CNIL fines Google and Facebook a total of €210 million over cookies

France CNIL fines Google and Facebook multimilion fine

The French Data Protection Authority – CNIL (Commission Nationale de l’Informatique et des Libertés) fined Facebook €60 million and Google €150 million for non-compliance with the French Data Protection Act.

Facebook is a social media giant with over 2.895 billion monthly active users, and at least 1.908 billion people use Facebook every day.

Google, on the other hand, is the most visited website in the whole world, with over 92 billion visits last March of 2021. And did you know that 92.41% of the search engine segment is controlled by Google?

After numerous complaints and online investigations, CNIL concluded that both Facebook and Google failed to make it as easy to reject cookies as it is to accept them.

While websites offer a button allowing a single click to accept cookies, they do not provide an equivalent solution that would allow users to refuse cookies just as easily.

The fine was issued by French CNIL rather than the Irish Data Protection Commission (lead supervisory authority for Facebook and Google) as cookies fall under the ePrivacy Directive, which is embedded into French Data Protection Act and not GDPR.

However, GDPR still regulates consent, and therefore, fines can qualify as a GDPR fine.

Facebook €60 million fine

On the last day of 2021, CNIL issued a €60 million fine to Facebook Ireland Limited.

The investigation, which started in April, uncovered that, as opposed to a single button to accept cookies, Facebook requires several clicks to refuse cookies.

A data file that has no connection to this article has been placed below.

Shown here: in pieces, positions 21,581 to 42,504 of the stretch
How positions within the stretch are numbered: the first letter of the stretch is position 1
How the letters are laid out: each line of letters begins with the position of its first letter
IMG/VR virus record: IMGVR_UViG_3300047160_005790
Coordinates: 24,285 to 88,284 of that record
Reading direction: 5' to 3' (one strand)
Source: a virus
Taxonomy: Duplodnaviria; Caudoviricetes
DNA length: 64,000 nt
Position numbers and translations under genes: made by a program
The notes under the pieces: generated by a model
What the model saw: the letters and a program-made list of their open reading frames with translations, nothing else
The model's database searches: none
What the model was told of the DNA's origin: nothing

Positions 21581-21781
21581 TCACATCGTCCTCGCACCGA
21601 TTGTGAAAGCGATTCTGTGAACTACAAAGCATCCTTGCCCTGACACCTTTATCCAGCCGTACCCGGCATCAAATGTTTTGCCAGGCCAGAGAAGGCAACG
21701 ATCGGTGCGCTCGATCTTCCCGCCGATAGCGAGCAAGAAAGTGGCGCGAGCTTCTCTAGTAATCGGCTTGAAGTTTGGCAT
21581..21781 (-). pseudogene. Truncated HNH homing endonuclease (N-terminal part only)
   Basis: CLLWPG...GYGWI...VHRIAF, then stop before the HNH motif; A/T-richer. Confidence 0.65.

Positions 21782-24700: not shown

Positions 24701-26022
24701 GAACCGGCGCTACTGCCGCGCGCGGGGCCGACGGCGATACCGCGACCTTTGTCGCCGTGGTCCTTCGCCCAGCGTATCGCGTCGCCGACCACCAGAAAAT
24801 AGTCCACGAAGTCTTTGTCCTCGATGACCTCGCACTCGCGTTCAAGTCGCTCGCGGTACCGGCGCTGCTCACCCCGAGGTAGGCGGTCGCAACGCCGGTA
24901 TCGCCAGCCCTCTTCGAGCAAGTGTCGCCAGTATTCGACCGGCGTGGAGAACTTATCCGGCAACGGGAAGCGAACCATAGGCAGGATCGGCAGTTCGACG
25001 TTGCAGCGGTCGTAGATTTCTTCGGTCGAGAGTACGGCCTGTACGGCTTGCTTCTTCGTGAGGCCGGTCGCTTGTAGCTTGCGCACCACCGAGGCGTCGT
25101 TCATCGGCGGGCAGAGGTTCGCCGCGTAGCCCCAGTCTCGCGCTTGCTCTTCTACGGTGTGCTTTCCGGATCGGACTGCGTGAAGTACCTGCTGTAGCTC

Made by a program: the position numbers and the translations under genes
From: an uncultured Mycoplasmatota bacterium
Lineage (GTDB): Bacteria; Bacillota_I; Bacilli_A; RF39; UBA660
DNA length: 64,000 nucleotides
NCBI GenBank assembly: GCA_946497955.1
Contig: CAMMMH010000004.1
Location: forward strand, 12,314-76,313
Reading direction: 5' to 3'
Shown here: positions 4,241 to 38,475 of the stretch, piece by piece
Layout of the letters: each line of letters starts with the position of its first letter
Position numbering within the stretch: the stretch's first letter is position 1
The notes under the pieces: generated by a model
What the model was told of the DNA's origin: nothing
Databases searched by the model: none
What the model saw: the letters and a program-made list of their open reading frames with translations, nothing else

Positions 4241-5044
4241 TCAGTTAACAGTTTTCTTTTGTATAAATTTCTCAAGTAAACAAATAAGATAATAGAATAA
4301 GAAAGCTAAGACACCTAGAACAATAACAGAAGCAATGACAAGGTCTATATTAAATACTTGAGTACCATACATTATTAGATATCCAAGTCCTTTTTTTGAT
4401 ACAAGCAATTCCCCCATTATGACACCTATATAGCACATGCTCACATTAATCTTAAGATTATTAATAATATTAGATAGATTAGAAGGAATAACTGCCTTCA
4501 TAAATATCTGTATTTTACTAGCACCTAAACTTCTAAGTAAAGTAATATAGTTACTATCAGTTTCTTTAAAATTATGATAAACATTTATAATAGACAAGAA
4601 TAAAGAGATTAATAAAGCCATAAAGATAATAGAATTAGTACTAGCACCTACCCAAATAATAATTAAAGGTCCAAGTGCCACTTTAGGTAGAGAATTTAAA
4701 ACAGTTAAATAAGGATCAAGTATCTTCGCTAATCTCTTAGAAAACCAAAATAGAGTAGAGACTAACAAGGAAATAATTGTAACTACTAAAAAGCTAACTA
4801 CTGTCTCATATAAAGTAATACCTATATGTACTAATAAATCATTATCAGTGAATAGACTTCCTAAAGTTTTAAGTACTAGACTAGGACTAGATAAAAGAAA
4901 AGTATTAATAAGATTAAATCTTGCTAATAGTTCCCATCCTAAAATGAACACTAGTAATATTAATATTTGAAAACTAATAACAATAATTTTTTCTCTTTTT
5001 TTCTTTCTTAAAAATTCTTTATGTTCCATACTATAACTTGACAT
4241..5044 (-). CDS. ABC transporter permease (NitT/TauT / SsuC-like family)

In addition, the button to refuse cookies is located at the bottom of a second page and was labeled “Accept cookies,” which was not only confusing but also misleading.

Google €150 million fine

In June 2021, the CNIL carried out an online investigation on websites and and found that, while Google offers a button allowing users to immediately accept cookies, to reject them, they have to go through at least five different actions.

Following the investigation, the CNIL issued a €150 million fine to Google (€90 million fine to Google LLC and €60 million for Google Ireland Limited) on account of their findings.

The restricted committee, the CNIL body in charge of issuing sanctions, stated that “making the refusal mechanism more complex actually discourages users from refusing cookies and encourages them to opt for the ease of the “I accept” button“.


Both Google and Facebook ignored cookie recommendations and cookie guidelines that clearly state that organizations must offer to users the possibility to accept or refuse online trackers with the same degree of simplicity.

The CNIL ordered the companies to provide users in France with a means of refusing cookies as simple as the existing means of accepting them within three months.

If they fail to do so within three-months time, the companies will have to pay a penalty of €100 thousand per day of delay.

The amount of the fine is determined considering the number of data subjects involved, the scope of processing, and the profits of companies, which are mostly generated through the company’s advertising streams based on cookies.

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